KEVIN McKenna's article condemning the "sacking" of Provost Bolander appeared under the headline "What on earth were Glasgow toy-town councillors thinking?" The Herald, November 2). The same question surely should be asked of Ms Bolander when busy purchasing 23 pairs of shoes and the like at the council's expense. Did she never stop to think "My goodness, that's me now at 12 pairs of shoes, maybe that's more than enough"? And if not,why not? Did she activate a conscience bypass once into double figures?

Of course she was entitled to use her allowance but that has to mean appropriate use.

While castigating those responsible for her demise, Mr McKenna suggests they should instead concentrate on dealing with the city's social ills: can that accusation not be levelled also at Ms Bolander while on her shopping extravaganzas? Presumably her acquisitions would require a significant number of visits to the shops? What message did she think her excesses would send to those on the breadline?

Whether her actions merited dismissal is open to discussion. But given recent examples of politicians indulging themselves at public expense it will not really do for Mr McKenna to describe this as "a trifle" or to appear to regret her "being forced to apologise last month" – should that not have happened without pressure? The article gives the impression it was written by her campaign manager.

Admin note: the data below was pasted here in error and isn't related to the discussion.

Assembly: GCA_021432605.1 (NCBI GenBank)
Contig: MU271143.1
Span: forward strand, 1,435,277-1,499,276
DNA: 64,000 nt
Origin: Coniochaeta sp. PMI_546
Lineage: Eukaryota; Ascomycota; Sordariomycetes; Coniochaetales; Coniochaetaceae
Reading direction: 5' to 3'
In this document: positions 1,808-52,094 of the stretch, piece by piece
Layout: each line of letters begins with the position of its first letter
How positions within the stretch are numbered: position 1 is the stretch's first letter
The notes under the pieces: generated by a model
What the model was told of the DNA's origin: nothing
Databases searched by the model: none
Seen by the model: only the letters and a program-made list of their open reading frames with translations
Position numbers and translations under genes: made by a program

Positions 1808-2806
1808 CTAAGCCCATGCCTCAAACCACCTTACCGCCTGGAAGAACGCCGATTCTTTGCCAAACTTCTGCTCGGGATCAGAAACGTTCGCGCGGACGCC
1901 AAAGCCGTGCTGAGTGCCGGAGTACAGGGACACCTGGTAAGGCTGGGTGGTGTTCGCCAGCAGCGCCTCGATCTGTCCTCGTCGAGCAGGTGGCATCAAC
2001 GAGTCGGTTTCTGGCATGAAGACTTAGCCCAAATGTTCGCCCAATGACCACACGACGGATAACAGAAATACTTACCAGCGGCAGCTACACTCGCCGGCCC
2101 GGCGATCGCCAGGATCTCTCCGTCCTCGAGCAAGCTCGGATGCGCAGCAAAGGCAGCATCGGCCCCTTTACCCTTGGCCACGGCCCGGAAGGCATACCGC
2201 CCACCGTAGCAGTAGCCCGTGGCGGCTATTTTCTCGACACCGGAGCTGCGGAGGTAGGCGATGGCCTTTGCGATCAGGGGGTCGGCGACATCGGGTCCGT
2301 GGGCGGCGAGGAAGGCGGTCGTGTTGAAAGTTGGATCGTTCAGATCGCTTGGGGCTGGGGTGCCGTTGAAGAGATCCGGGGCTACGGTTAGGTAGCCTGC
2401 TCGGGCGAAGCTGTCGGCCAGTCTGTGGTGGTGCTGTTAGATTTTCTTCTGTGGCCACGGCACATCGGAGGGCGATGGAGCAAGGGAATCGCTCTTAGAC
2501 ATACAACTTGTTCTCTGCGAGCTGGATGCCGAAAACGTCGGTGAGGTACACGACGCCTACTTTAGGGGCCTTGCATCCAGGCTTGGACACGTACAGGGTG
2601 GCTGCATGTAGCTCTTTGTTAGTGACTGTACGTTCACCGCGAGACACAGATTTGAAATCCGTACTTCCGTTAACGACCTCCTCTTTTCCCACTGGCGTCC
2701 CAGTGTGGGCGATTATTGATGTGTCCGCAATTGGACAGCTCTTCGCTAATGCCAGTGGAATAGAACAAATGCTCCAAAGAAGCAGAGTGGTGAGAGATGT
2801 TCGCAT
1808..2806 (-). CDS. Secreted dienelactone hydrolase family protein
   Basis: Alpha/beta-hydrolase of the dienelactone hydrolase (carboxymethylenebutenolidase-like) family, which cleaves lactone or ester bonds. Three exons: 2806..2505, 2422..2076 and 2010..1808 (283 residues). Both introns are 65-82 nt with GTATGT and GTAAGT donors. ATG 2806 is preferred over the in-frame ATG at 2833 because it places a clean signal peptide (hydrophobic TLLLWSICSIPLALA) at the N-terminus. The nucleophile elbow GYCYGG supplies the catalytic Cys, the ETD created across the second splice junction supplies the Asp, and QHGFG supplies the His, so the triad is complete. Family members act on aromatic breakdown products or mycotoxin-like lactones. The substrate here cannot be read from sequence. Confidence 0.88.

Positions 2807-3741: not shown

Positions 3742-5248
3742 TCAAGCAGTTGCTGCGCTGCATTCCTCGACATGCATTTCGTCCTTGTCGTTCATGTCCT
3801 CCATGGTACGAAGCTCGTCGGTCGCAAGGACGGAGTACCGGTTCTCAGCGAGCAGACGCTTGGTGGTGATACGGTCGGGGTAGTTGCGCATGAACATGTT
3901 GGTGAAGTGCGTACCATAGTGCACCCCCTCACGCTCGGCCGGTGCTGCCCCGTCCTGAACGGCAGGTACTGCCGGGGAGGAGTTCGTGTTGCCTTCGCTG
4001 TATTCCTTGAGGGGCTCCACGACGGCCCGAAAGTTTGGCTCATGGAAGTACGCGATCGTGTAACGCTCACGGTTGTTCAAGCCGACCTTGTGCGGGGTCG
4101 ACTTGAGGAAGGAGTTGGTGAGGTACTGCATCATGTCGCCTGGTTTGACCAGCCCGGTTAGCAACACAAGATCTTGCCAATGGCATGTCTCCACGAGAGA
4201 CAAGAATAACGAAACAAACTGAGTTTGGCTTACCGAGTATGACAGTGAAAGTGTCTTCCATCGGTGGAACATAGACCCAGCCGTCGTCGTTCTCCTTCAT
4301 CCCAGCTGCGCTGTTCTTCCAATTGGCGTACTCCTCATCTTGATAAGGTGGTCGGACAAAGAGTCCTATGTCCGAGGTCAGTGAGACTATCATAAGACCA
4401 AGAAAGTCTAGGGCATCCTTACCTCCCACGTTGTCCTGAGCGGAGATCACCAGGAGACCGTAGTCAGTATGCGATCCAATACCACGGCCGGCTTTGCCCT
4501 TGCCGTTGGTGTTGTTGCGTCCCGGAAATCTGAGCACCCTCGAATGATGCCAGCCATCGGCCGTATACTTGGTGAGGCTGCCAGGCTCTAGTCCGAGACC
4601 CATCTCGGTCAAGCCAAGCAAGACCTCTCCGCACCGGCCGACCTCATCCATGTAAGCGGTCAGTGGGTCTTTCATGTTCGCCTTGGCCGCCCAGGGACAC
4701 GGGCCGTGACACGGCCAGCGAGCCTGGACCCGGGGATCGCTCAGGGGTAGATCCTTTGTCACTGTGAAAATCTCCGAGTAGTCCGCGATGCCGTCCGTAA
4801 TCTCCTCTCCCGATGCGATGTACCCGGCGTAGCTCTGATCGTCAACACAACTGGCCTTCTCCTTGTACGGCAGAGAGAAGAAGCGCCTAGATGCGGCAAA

Jack Davidson, Edinburgh EH10.

HAVING read enough about Eva Bolander's allowances and subsequent resignation, I had already formed the opinion that some petty-minded numbskulls masquerading as councillors were playing some very nasty games.

Kevin McKenna's column confirms much more than I had thought. Surely Glasgow does not need people like these anywhere near the City Chambers. Can they be named and their wards identified so that they can be voted out at the next council election, if they don't do the decent thing and resign en masse beforehand?

Ian Gray, Croftamie.

MUCH has been written, flippant and otherwise, about the Eva Bolander saga. As Lord Provost Ms Bolander was automatically the Lord Lieutenant for Glasgow. A Lord Lieutenant is provided with a military-style uniform which is appropriate dresswear for most civic functions. Obviously certain other items are necessary to complement the office holder's wardrobe.

In my own personal seven-year experience as Provost of East Renfrewshire I never had the luxury of a clothing expense allowance, although I recall incurring personal outlay on additional dresswear over an enjoyable tenure of office. Criticism is always present. I recall one local wag berating me for incurring a rail travel outlay with the suggestion that I should have used my bus pass.

Sadly Ms Bolander succumbed to pressure from " the enemy within " over a simple error of judgment. Her resignation terminated an otherwise flawless term of office.

Allan C Steele, Giffnock.